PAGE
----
Thursday, June 18, 2009

Resurgent neocons

Salon columnist Gary Kamiya today takes on the neocons (e.g., Robert Kagan and Charles Krauthammer, whose recent pieces I've blogged about - here and here - as well over the last few days) and pretty well demolishes their arguments in re President Obama's decision not to inject himself into the current Iranian situation. He highlights several other of the usual suspects as well (Danielle Pletka and the WSJ), not to mention John McCain, whom he quotes:
"Look, these people are bad people and I know that it was unpopular to call them part of an axis of evil or whatever it was, but we just showed again that an oppressive regime will not allow democratic elections, free and democratic elections."

Sounds like our last president, doesn't he - with this talk of "bad people"? At least he didn't resort to the oh-so-overplayed "mad mullah" trope.

Meanwhile, a recent essay by another neocon, Frank Gaffney (who goes unmentioned in Kamiya's piece), is getting attention somewhere I wish it wasn't. I speak of Pakistan, where Tariq Fatemi, reviewing Obama's Cairo speech in the English-language paper Dawn , notes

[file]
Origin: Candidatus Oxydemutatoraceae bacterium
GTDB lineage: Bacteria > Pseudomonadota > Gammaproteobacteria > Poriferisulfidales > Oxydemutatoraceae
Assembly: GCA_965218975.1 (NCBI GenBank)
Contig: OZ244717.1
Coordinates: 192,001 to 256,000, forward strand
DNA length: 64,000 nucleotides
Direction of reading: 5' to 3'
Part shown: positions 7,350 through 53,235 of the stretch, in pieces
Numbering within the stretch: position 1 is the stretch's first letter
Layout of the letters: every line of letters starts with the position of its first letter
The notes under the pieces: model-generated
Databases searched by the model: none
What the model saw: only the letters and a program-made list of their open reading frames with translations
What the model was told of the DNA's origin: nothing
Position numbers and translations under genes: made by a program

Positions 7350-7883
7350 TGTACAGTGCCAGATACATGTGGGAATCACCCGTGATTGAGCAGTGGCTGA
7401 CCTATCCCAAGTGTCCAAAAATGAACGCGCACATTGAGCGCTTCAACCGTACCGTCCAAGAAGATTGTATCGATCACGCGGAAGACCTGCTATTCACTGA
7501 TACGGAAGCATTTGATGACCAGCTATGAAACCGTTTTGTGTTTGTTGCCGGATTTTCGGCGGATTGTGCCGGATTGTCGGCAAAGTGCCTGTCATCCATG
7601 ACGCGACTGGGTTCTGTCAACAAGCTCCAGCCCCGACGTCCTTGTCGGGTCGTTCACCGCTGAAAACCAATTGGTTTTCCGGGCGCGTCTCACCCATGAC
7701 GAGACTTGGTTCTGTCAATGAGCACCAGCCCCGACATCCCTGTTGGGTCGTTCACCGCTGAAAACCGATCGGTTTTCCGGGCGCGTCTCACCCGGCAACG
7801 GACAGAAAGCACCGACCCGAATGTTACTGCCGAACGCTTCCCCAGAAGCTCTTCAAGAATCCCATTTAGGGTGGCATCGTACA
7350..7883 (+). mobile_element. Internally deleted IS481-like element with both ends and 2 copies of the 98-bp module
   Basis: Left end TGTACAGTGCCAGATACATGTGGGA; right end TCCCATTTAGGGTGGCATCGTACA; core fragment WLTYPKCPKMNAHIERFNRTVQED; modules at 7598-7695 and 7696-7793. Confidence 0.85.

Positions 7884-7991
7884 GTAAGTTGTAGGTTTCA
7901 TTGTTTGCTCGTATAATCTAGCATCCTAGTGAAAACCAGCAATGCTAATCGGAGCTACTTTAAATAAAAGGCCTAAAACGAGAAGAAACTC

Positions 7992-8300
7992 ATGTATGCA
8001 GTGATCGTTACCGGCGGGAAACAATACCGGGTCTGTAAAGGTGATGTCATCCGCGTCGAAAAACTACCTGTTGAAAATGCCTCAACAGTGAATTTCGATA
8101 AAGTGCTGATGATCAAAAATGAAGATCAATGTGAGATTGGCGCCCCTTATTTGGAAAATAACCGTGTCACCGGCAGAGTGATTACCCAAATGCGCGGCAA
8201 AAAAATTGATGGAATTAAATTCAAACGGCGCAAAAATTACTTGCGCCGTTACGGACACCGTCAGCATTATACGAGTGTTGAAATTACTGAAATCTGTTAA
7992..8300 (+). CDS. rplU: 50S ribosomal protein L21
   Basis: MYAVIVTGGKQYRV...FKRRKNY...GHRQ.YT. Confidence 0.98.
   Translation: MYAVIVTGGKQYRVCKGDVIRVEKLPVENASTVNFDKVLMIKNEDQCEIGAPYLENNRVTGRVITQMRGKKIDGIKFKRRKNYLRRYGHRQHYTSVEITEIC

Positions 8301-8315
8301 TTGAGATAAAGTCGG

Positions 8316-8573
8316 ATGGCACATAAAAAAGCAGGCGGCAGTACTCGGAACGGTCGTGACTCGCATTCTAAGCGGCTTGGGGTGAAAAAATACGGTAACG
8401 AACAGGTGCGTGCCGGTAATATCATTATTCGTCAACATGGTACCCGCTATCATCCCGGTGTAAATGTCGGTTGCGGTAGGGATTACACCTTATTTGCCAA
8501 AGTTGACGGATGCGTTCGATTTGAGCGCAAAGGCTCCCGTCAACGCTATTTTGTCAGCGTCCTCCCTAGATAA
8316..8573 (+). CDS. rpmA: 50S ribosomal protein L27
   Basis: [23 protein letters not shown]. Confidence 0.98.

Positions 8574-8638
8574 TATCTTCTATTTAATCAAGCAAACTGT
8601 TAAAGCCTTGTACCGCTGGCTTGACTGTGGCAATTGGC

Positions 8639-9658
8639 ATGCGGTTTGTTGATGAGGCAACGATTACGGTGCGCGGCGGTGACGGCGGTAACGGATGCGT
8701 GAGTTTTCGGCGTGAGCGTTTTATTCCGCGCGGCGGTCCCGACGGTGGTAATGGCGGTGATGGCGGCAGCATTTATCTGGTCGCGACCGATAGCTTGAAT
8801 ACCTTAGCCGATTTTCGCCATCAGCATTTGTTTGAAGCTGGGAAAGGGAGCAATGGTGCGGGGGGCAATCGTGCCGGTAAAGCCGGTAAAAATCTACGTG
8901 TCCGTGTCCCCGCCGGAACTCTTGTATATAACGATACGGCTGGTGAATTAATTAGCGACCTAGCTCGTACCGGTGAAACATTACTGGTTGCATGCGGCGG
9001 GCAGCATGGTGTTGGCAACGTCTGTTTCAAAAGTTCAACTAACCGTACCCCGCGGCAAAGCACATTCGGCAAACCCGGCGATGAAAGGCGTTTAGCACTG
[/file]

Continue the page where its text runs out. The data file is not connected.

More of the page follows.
Obama’s background has been regularly targeted by rightwing commentators in both the US and Israel. This is likely to become more vicious. Evidence of this has come from Frank Gaffney, who heads Washington’s Centre for Security Policy. Writing in the Washington Times, he claims that his study of Obama’s policies and pronouncements leads him to the conclusion that Obama could be ‘considered America’s first Muslim president’. He adds that ‘there is mounting evidence that the president not only identifies with Muslims but actually may still be one himself’. In support of this preposterous claim, Gaffney states that Obama’s reference to the Quran, as ‘holy’ and invoking peace on the Prophet (PBUH) was not right.
Gaffney once upon a time was very high up in National Security Council circles. One might think that he'd have the US's interests sufficiently at heart to remember that the US is now working very hard with the (very pro-Islam) Pakistani government and military against the Taliban, both to keep Pakistan bolstered and to improve the situation in Afghanistan, where (remember?) thousands of US troops are stationed, with more on the way. But Gaffney considers it not at all imprudent to label Obama as the US's first Muslim president - and to do so in way that implies that surely this must be a very bad thing. Nothing like winning hearts and minds, Frank.

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